“Everything I did kind of tied around the guitar, my classes, and my internship was at 98.1 The Bull, so I was kind of getting the inside story about how these artists were coming in, playing their hits and kissing up to the program director,” Shelburne says. “I got to meet artists along the way, and that was good, getting tips from them.
“Everything I did at UK kind of helped prepare me for moving to Nashville.”
Moving to Music City
It was a move that Shelburne says his parents had to give him a nudge to make, but he’s glad he made it.
“I was kind of scared to death,” Shelburne says of moving to Nashville. “I knew one person in Nashville, and that one person didn’t help me at all ... so I said, ‘I guess I have to steer this ship myself.’”
Good thing Shelburne is a self-starter. He did sell insurance for a while to make ends meet. But the focus was always on music and making connections.
“Two Lane Town” is his fourth album, the last one being 2016’s “Between Here and the Stars.” But this album is different, Shelburne says.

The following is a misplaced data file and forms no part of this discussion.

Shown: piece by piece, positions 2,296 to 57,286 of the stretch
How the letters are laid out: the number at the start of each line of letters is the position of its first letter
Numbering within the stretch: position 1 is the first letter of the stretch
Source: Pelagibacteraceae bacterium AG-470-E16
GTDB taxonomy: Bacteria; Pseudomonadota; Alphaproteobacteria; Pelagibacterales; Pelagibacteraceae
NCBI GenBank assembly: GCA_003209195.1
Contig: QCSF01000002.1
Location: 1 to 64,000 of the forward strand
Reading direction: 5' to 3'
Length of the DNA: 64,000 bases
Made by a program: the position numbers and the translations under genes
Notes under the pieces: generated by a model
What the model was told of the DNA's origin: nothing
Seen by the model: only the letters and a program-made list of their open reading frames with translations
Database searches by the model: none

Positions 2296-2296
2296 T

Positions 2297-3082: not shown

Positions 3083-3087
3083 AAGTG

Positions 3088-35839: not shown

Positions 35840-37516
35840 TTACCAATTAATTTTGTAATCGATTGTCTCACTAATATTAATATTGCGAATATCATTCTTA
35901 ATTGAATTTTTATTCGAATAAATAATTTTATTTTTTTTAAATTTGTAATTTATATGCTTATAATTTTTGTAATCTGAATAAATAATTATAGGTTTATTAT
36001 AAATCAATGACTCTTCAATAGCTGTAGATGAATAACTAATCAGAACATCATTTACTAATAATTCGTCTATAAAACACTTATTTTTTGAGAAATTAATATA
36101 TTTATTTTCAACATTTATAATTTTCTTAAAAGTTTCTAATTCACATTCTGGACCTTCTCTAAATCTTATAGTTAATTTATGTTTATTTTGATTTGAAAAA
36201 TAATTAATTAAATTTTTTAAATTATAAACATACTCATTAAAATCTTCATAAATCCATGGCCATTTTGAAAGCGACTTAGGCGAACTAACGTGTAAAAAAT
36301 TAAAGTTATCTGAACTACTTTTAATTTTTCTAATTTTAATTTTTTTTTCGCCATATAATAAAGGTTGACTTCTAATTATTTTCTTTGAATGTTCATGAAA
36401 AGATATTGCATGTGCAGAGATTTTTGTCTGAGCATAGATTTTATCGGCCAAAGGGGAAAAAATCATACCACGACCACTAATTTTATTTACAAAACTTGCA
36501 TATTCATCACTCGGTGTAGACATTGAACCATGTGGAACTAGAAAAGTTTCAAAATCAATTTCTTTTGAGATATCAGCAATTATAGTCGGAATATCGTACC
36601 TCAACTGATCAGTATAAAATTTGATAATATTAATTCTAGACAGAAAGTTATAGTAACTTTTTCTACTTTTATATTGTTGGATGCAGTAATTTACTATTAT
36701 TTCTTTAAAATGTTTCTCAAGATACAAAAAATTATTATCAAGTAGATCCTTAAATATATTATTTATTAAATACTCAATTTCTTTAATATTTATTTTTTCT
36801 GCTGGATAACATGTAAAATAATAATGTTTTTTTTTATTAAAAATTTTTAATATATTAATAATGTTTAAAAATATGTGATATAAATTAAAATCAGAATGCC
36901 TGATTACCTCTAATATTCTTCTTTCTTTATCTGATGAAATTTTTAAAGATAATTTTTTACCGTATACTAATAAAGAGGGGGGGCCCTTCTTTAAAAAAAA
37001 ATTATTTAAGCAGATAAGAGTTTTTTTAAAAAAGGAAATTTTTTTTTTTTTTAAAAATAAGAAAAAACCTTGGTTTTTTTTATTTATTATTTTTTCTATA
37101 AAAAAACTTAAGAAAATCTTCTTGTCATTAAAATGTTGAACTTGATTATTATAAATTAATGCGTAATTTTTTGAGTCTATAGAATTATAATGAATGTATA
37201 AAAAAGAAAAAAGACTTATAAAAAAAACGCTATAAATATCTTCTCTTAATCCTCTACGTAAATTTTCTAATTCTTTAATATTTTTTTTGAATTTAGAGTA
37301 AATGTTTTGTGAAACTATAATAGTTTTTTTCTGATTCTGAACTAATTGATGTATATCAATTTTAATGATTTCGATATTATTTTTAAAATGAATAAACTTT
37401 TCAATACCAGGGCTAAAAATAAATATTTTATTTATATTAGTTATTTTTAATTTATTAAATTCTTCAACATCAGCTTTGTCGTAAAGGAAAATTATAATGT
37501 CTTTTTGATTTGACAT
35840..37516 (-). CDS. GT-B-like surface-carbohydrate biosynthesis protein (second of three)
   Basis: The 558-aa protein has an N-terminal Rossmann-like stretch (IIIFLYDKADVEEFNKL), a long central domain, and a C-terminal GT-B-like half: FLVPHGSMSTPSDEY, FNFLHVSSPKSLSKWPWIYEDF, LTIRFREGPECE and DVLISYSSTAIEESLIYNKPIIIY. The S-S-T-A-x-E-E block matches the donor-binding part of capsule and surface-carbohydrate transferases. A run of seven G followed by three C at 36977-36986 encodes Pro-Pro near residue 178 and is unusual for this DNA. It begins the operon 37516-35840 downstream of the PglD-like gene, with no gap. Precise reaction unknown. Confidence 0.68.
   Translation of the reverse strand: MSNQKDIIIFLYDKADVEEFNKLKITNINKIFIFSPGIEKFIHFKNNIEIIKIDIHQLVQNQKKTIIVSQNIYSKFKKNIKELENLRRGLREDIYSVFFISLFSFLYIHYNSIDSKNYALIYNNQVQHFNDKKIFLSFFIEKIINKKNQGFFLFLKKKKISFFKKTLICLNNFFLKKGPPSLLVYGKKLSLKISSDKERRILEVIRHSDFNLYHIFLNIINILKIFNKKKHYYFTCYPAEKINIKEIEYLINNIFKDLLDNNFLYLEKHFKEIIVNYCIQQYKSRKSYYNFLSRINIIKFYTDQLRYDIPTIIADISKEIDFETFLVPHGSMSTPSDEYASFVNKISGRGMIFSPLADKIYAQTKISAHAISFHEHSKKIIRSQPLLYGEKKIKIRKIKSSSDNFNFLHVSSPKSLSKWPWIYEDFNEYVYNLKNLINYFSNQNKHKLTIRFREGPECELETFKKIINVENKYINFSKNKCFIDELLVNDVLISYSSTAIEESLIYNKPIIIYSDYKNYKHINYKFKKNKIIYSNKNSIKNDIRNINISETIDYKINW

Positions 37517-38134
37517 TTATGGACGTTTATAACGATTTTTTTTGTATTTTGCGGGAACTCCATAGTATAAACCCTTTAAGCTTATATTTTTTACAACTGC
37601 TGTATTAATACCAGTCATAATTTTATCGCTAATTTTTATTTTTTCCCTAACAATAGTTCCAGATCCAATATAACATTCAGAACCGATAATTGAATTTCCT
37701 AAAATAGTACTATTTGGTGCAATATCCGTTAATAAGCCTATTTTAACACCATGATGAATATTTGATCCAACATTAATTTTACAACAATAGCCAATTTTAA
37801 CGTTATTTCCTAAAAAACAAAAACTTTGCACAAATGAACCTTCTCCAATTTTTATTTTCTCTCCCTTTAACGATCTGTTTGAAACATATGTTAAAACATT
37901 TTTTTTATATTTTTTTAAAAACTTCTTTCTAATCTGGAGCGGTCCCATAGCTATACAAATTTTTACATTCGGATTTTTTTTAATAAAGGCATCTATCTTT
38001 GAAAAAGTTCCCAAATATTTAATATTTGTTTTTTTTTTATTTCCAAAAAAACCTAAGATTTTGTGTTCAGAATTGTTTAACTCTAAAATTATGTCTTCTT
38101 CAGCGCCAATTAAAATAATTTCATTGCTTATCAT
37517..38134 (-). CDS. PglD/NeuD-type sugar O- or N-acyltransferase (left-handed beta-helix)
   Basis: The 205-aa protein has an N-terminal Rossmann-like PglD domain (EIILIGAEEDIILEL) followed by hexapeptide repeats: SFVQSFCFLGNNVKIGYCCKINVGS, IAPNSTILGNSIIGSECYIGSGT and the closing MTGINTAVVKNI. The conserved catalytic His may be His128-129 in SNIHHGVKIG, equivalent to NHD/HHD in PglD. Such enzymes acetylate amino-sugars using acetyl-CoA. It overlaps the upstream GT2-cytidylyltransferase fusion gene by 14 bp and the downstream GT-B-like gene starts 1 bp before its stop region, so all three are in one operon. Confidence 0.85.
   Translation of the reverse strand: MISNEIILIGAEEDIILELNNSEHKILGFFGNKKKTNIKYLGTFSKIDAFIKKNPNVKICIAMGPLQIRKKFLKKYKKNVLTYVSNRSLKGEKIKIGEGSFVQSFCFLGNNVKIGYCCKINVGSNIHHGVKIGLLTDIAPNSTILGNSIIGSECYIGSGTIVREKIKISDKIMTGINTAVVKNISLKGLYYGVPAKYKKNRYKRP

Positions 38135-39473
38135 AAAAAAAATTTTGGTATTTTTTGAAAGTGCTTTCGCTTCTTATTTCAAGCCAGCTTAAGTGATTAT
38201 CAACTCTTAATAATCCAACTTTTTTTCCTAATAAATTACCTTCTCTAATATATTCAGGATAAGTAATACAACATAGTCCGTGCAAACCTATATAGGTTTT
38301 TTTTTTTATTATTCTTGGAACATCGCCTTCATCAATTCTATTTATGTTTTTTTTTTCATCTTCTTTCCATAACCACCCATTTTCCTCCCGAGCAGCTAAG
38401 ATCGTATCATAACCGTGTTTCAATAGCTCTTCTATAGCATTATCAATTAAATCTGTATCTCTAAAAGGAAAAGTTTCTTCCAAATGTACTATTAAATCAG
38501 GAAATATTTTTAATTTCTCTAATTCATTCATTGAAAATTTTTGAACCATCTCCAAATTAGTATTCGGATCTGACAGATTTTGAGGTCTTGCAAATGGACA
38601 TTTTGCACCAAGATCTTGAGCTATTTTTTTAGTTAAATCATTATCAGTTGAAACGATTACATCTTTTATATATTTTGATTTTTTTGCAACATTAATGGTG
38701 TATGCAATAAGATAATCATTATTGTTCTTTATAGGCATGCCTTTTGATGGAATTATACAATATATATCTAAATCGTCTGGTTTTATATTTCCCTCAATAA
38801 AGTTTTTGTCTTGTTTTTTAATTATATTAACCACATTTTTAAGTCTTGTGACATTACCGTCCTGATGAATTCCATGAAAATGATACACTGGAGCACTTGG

“I’ve really grown from this record. I think it’s my best collection of songs yet,” Shelburne says. “I feel like I’m really starting to find my voice.”
There’s a real get-to-know-me quality to the concise, nine-song collection, bookended by “Born For This,” something of a statement of artistic intent — “I was born to do this, born to play, born to pour my heart out on this stage, singing songs about my life, and where I’m from” — and “Make It That Far,” a hopeful statement that he’ll be successful enough to “buy dad a new truck and mom a new car, and go on and pay off the family farm, if me and this old guitar ever make it that far.”